Since 2012 the wine-making duties have been ceded to the Mercier’s lovely daughter Madeleine, mother of twin daughters and a graduate of enology studies at the prestigious Agrosope Changins near Lausanne. Her travels have taken her to apprenticeships at Opus One in California and to the Schwarzenbach Weinbau in Meilen, Switzerland. She is a proponent of lutte raisonnée and terroir-driven wine-making. She believes that most of the work is done in the vineyard and for that task her father and mother lead the way. Indeed, they have given her a lot to work with.
The home vineyard of Goubing, even though quite small in area, boasts several micro-owners some of whom are not even known to the Mercier family. Its cépage includes pinot blanc, marsanne (ermitage)—especially for the late-harvested flétrie sur souche cuvée—pinot noir, sylvaner (Johanisberg), gamay and new plantings of cornalin. All vines are wire-trained, converted from gobelet a few years back, and south-to south-west facing. The only exception going forward are the new plantings of cornalin which will be north-west facing. Madeleine believes that the sun burn common to this variety is minimized with proper exposure and purer fruit expression with a minimum of cooked flavors is desired and expected. The vineyard area itself is relatively flat and characterized by one notable geographic feature: a large bowl behind the residence, perhaps created by rock excavations used to build the nearby castle, is notably sunny but susceptible to early and late frost. A Burgundian-styled pinot blanc is made from its fruit. At the south end of the vineyard are some trees that suck up the available moisture and so in the very driest years some drip irrigation is necessary. The vines used for the late-harvested marsanne are found in this corner. New plantings of cornalin are located in the south-west perimeter with more to come. Copper tinctures and copper sulfate are used only when necessary to control disease. Otherwise Goubing is farmed organically.
The Pradec parcel located above the centre ville next to the Château Mercier is home to virtually all of the syrah, all of the chasselas (fendant), some sylvaner, all of the savagnin (païen ), 70-year-old marsanne vines, pinot noir, gamay, all of the petite arvine, and an increased cornalin presence which is replacing some of the chasselas. More syrah and cornalin is a good thing because these appear to be the real strength of the portfolio. Small amounts of Humagne Rouge are slowly replacing some of the chasselas as well. The Pradec vineyard is steeply terraced with the familiar rocky topsoil typical of the Valais. Indeed as much as 30% of the topsoil is made up of small calcareous stones. The vines are all wire-trained. Since all of the domain’s chasselas is planted here most of the new cornalin, humagne rouge and syrah plantings will replace older, unproductive chasselas vines. Look to see more red wine coming from this iconic vineyard that hovers dramatically above the village. While not the steepest vineyard in the Valais, it is still an impressive sight and very difficult to work.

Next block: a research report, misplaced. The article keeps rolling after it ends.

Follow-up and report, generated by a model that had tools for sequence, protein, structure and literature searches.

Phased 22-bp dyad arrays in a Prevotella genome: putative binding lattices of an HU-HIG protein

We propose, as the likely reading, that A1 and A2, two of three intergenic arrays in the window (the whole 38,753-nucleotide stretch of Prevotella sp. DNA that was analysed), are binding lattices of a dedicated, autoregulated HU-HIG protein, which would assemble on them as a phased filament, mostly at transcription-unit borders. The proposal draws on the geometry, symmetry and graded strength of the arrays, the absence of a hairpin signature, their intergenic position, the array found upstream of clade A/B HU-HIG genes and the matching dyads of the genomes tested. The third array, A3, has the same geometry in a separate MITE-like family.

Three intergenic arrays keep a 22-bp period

The Anchettes parcel is located outside and north of town at an elevation of 700 meters (2300 feet) and is home to more pinot noir. South-west exposure is critical at this elevation. The fruit from this vineyard provides the crisp backbone and pure, wild flavors typical of Mercier pinots.
The Corin holdings located at the western entrance to the city hosts small parcels of cornalin and syrah.
Ancien Sierre to the north-west not far from Goubing is a small source of pinot blanc.
All Mercier plots are worked by hand and display layers of natural compost mostly for moisture retention. Most harvests are completed within a six week window each fall, but according to Madeleine, 2015 was a one-off with the vast majority of fruit harvested within a three week period due to an unusually hot and dry growing season. The results of this unique vintage appear to be excellent, ripe, high-powered wines although crop size is down due to early flowering issues.